Album Review: London Grammar - If You Wait

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London Grammar are simply one of the best bands to emerge from 2013. Just one listen to them and it is evident just how much they aim to be perfectionists in their music, and how carefully constructed their songs are. They posses obscenely impressive talent, which is nothing short of a joy to hear. 'If You Wait' has taken a long 18 months to create, however it is definitely true in this case that time breeds perfection. So call your parents, friends, neighbours, and everyone else to let them know; this one is special.


Without a shadow of a doubt, it’s Hannah Reid’s haunting vocals which grasps the listener’s attention in opening track ‘Hey Now’, off their début album ‘If You Wait'; beautifully accompanied by the unique, delicate and powerful musicianship of Dot Major and Dan Rothman. I was completely transfixed by the first track and was moved into the second so carefully that I was taken by surprise. ‘Stay awake’ is again a hauntingly beautiful track, which would fit perfectly in the culminating scene of a Hollywood movie. By this point, there is definitely a trend developing in this album, and it is one of delicate, carefully created tracks that have the potential to make even Danny Dyer reminisce whilst looking out of a window. I like to compare their sound to that of the XX, but better and a billion times more interesting.


‘Wasting my Young Years’ is, in my opinion, the most powerful track on this album. Despite already having been released as a single, having already had 975,000 views on YouTube, and having been the catalyst for the superior buzz around this band, it forms a strong backbone to an incredible album - while the other ten tracks branch out of it. If I had one criticism of the album, it would be that it is just too perfect. There isn't one track which is roughly finished or breaks the boundaries - but you know you have something special when that is the ONLY criticism. Finishing on the title of the album ‘If You Wait’, the listener ends up back where they began; in a state of intense relaxation, and by jove, it's intense.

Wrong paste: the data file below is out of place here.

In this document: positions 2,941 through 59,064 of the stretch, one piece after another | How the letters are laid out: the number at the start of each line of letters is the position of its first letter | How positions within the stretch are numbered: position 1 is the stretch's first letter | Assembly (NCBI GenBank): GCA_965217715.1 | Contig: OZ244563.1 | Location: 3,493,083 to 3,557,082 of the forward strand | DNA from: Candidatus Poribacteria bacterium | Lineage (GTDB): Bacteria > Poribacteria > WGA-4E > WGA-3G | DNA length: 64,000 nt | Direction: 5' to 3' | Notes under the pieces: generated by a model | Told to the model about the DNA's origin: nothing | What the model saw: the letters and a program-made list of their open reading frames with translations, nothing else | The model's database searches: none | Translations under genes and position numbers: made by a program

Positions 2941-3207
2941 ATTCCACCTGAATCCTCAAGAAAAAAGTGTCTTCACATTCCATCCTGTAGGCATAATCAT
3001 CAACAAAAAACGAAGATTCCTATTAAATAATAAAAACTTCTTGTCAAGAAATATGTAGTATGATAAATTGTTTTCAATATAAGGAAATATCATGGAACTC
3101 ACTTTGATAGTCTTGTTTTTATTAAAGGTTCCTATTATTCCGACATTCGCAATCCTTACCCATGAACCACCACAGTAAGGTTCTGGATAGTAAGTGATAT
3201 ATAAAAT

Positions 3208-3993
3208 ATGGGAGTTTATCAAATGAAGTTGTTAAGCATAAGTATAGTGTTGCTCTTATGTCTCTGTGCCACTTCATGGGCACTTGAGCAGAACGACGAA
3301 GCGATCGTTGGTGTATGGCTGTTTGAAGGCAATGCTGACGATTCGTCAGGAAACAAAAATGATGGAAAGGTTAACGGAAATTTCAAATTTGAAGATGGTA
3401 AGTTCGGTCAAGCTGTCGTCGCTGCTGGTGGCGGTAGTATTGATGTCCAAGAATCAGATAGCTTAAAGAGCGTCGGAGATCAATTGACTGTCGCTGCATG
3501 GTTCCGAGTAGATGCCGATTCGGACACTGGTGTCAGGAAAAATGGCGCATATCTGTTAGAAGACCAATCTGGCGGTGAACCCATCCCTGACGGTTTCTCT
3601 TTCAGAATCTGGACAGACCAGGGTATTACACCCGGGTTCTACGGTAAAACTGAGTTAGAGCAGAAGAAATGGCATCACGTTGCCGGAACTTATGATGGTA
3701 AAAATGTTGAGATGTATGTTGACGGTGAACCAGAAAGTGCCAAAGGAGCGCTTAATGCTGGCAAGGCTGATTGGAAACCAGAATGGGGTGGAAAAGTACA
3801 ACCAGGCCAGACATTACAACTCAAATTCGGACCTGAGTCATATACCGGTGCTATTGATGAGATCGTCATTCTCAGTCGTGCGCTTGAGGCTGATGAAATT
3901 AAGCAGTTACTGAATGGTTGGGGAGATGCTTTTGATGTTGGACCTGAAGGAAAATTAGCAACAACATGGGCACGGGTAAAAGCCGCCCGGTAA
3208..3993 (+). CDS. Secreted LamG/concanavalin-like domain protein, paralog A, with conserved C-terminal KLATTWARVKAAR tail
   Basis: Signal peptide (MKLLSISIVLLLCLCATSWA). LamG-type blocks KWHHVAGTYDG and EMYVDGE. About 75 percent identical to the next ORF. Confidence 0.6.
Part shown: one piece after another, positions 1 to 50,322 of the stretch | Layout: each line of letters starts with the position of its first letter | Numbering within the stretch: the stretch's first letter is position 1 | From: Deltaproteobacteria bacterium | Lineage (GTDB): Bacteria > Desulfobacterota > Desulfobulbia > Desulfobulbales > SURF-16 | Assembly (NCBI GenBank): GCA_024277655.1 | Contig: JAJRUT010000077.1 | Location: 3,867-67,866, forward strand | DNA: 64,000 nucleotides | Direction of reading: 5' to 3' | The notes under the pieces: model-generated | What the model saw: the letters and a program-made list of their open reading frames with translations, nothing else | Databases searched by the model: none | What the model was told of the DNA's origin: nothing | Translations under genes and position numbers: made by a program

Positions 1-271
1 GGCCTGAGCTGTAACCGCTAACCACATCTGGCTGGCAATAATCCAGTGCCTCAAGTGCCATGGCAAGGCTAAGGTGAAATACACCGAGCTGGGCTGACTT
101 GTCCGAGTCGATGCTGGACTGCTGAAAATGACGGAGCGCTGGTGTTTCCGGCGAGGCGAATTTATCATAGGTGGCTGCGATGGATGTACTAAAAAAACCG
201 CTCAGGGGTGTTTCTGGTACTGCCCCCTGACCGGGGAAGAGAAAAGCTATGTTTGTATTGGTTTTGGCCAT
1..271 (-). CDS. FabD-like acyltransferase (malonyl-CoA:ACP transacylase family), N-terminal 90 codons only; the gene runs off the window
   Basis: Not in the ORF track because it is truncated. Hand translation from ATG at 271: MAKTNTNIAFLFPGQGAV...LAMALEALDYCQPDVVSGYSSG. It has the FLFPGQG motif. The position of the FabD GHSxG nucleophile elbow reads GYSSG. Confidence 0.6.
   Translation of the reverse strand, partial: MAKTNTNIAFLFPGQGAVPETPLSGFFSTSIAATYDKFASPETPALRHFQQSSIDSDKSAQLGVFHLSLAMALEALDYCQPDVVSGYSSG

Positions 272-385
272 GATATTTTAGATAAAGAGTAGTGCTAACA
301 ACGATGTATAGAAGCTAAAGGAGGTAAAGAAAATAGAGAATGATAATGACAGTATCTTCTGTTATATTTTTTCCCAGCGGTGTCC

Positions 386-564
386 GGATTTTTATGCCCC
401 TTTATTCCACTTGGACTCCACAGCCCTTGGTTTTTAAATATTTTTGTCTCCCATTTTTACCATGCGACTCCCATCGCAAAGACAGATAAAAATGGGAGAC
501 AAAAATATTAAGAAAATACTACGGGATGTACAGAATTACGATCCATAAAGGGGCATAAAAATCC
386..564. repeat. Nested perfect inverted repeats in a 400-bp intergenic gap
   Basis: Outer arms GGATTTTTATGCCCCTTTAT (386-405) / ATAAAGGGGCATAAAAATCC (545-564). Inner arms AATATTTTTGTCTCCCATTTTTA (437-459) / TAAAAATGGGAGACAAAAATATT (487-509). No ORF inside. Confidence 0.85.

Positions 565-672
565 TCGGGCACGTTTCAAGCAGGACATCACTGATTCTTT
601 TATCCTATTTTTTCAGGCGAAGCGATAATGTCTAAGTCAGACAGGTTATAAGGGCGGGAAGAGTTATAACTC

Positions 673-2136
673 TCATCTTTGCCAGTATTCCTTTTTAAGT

London Grammar are never going to be a band you would go see after dropping several bombs of Mandy, nor one that you would listen to before you head out for a alcohol-fuelled night out, but nevertheless it cannot be denied that this début album is one that Hannah, Dot and Dan should be fucking proud of. Things are only going to get bigger and better for these three, and I am nothing but excited for them.

Tim McGlashan

Director and Senior Music Critic for and a Graduate in Business Management from Leeds Metropolitan University. MASSIVE MUSIC JUNKIE!


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